Aim Species introduced to an area outside of their native range are often thought to have higher impact in this new area. We examined whether this is really the case in mammals and birds and to what extent. In particular, we explored how impacts of alien species vary in relationship to invader identity and type of impact.
Methods We conducted a thorough review of the literature to compare the impact of alien European mammals and birds in their native and invaded ranges. Based on a series of environmental and economic impact scores, we ordered species along a continuum from weak invaders, which have lower impact in the invaded range, to strong invaders, which have higher impact in the invaded range.
Results We found that nearly 80% of the mammals are strong invaders, but only half of the birds. Members of these two classes also affect their communities in different ways; birds more often have an impact via hybridization, whereas mammals have stronger impacts via herbivory, transmission of diseases to wildlife and their effects on agriculture, livestock and forestry.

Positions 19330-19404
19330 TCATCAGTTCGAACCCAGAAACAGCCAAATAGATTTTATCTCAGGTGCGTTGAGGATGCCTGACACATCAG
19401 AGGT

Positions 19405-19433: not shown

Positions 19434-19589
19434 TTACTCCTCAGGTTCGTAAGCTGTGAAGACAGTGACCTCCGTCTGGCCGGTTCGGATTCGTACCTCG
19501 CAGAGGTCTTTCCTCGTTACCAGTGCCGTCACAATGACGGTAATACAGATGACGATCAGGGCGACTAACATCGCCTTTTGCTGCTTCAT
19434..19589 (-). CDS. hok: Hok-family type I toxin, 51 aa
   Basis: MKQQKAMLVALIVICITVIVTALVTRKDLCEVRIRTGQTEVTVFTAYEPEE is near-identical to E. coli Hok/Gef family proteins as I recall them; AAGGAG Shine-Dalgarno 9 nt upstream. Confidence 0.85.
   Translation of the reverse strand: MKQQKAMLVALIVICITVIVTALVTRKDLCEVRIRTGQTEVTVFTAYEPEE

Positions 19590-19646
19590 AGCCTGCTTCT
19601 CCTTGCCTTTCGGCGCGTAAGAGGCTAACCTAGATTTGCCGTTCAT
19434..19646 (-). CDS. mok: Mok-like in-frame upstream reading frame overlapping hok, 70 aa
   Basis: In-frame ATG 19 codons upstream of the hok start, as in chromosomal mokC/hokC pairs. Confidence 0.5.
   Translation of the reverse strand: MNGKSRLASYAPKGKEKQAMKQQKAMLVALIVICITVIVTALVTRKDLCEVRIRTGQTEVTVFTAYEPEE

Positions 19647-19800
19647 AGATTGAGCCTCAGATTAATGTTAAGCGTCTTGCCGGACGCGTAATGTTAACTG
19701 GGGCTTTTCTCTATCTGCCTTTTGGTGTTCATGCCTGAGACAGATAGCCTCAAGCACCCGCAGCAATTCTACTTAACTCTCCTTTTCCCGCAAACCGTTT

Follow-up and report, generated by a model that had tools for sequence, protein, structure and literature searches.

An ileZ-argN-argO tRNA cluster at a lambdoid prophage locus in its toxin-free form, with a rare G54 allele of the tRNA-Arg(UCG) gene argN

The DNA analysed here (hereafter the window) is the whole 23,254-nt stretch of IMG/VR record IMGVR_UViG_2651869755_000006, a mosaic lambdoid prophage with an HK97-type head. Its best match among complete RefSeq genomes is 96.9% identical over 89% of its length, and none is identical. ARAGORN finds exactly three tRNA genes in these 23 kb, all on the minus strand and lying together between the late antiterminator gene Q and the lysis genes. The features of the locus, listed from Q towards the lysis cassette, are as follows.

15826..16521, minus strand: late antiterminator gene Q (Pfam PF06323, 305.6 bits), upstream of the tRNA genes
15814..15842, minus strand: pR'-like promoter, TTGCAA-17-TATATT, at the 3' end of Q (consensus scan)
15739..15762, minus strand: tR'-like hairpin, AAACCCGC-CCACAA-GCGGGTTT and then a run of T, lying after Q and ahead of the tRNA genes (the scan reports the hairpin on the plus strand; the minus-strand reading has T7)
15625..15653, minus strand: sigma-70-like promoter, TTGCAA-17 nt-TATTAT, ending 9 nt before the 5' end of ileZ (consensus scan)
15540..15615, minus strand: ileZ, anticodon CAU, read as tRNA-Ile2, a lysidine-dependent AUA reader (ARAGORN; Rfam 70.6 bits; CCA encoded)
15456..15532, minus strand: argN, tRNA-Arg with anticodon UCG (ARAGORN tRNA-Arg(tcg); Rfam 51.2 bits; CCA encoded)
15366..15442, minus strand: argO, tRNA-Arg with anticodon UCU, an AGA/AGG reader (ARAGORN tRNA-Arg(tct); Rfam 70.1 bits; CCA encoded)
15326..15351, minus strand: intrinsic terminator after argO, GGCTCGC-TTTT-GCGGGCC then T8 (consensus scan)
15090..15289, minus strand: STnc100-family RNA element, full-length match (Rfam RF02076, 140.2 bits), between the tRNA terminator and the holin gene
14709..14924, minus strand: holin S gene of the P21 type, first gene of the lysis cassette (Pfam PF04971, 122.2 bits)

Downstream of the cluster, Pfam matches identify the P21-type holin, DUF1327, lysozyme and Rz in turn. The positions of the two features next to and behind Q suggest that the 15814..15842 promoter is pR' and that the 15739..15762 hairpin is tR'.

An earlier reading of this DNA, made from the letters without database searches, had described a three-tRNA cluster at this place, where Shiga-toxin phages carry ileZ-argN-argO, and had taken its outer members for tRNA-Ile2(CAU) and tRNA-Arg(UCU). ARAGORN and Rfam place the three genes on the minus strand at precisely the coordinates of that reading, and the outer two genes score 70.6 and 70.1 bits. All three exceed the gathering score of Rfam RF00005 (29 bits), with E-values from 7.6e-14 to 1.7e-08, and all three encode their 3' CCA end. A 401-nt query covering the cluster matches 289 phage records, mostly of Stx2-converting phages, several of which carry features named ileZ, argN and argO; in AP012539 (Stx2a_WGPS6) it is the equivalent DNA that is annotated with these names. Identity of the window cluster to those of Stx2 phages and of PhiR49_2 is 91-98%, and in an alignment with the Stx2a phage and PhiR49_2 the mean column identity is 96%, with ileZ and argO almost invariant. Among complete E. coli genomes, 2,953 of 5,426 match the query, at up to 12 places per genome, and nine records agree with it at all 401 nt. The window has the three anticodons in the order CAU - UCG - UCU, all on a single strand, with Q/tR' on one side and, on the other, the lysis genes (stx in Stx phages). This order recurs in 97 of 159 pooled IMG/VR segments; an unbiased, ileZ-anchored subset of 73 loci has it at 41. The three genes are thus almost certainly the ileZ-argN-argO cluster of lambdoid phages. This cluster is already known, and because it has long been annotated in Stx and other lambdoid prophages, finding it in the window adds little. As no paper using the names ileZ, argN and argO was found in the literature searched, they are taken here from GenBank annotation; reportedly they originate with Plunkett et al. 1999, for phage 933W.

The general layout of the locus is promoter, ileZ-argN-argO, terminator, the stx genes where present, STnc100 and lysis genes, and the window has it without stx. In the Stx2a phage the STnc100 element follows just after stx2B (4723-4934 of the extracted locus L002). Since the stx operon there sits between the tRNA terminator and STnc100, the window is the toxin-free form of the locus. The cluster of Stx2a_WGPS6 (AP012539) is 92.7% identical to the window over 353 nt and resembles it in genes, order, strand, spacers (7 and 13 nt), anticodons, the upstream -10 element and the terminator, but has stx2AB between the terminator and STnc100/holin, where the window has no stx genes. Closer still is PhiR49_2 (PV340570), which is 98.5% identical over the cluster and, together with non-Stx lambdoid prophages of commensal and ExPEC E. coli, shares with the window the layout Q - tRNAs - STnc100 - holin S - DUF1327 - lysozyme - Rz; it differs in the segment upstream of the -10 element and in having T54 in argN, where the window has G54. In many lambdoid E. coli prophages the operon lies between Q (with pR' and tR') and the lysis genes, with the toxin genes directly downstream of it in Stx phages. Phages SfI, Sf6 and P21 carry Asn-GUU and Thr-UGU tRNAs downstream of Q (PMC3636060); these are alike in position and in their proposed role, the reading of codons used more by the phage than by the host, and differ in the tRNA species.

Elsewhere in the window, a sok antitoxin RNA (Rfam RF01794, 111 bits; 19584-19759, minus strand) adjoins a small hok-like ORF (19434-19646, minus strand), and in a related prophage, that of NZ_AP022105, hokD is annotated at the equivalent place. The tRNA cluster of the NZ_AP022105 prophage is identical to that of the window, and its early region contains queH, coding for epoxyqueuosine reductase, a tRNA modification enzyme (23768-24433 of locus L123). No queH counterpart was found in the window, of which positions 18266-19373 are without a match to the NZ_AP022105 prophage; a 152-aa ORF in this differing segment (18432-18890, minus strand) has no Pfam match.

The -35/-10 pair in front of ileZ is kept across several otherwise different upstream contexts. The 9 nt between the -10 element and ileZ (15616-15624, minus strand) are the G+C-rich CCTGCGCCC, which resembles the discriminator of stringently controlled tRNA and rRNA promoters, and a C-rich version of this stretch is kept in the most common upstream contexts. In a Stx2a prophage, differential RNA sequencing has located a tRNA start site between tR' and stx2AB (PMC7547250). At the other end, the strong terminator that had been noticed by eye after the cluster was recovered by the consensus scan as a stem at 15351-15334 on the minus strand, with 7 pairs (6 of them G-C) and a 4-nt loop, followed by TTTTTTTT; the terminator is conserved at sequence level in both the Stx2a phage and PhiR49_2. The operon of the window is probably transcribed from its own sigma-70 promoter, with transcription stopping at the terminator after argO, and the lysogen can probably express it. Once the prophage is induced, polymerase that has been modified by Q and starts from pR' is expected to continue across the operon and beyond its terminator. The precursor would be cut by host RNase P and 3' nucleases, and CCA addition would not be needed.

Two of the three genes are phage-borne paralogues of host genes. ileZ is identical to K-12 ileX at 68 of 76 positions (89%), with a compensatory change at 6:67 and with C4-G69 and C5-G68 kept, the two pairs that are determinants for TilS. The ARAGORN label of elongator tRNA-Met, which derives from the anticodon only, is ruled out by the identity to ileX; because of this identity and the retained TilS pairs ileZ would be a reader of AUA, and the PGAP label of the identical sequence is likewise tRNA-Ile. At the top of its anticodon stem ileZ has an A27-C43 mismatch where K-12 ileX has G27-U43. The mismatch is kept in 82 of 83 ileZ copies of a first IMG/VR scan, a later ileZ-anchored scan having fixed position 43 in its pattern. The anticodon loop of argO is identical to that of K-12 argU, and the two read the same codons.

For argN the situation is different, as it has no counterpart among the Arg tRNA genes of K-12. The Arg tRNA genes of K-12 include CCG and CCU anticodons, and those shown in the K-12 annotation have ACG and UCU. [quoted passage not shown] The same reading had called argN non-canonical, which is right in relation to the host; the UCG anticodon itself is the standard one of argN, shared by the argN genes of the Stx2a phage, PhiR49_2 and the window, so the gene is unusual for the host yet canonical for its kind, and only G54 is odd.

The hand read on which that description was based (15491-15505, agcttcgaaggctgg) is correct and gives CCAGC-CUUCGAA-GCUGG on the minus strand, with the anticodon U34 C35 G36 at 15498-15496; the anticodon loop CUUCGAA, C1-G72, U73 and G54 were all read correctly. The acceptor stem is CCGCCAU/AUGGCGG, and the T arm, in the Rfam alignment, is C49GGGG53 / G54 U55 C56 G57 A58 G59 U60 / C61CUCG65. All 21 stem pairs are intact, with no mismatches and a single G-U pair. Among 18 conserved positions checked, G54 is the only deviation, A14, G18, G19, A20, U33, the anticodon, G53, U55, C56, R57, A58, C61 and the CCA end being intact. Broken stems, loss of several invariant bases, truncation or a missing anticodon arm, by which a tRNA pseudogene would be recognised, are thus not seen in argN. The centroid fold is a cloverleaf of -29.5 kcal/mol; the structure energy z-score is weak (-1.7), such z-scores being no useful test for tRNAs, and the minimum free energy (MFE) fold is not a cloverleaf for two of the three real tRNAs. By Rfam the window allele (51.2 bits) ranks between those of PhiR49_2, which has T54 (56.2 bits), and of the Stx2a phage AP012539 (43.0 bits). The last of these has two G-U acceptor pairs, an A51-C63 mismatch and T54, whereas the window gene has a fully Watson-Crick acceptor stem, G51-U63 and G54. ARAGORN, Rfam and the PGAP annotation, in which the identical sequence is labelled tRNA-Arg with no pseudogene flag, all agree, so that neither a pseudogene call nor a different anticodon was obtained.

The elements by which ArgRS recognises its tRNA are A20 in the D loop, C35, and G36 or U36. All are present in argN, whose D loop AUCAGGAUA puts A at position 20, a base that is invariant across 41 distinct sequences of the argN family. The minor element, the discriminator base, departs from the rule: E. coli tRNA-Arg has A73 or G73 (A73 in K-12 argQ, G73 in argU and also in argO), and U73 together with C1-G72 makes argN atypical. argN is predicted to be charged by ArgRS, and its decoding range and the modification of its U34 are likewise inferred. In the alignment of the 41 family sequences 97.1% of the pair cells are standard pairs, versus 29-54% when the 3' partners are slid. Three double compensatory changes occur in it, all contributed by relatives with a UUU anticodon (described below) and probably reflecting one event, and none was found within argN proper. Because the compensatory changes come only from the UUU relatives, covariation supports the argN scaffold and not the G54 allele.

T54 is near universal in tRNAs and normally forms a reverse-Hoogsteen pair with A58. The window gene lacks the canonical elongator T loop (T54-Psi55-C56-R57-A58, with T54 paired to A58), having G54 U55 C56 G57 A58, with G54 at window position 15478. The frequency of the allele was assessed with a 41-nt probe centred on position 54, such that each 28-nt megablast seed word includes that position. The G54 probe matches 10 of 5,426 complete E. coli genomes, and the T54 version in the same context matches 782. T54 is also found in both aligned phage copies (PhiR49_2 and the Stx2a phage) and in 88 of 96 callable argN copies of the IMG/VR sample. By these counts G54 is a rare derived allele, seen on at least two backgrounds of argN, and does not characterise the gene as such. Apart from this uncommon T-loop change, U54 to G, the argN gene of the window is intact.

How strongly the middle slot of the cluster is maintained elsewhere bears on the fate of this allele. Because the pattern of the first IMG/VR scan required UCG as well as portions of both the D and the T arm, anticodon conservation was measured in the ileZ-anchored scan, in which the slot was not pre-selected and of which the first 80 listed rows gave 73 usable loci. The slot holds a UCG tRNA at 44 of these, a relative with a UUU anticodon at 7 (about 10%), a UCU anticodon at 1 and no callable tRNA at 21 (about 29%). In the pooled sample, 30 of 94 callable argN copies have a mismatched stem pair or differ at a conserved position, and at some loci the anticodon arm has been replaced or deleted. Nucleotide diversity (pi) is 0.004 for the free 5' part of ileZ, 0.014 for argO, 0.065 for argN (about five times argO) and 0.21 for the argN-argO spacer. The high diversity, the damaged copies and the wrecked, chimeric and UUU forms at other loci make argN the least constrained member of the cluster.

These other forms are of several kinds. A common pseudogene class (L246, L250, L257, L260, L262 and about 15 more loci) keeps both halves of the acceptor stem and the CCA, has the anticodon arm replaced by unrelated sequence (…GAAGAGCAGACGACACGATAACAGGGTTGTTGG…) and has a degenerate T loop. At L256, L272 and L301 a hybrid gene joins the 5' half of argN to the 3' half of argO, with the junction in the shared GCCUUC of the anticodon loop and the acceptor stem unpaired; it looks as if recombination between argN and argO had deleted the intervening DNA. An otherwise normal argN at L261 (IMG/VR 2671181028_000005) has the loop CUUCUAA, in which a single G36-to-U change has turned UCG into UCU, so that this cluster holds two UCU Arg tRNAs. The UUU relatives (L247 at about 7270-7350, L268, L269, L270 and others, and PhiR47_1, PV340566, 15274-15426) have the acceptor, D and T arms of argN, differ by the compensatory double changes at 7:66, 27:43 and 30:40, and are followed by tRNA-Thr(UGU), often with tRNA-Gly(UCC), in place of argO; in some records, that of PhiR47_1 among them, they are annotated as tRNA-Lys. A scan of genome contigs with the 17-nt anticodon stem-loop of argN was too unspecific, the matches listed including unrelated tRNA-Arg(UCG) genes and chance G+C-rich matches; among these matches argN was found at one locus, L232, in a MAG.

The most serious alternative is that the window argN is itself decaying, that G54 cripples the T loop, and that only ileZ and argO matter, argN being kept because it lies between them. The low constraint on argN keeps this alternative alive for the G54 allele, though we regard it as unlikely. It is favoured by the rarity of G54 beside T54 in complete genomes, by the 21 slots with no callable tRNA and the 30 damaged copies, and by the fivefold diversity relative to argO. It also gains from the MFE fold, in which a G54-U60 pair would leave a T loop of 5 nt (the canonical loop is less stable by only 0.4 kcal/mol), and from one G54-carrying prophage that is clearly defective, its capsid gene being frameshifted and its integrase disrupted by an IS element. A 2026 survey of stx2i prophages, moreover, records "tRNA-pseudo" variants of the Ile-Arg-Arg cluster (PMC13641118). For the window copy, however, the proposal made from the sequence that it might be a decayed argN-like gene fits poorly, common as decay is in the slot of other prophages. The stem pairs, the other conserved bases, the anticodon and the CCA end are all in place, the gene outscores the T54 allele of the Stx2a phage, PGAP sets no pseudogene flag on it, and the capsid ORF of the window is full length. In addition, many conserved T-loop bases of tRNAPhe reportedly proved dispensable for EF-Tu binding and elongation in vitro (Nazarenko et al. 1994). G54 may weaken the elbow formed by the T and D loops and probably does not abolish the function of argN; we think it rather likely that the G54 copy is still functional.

Main conclusions Generally, mammals and birds have different impacts when invading new regions. Although there are some bird species that are strong invaders, these remain the exception among birds, whereas most mammals increase their impact in the invaded range. This study provides a deeper insight into patterns of impact in the invaded range.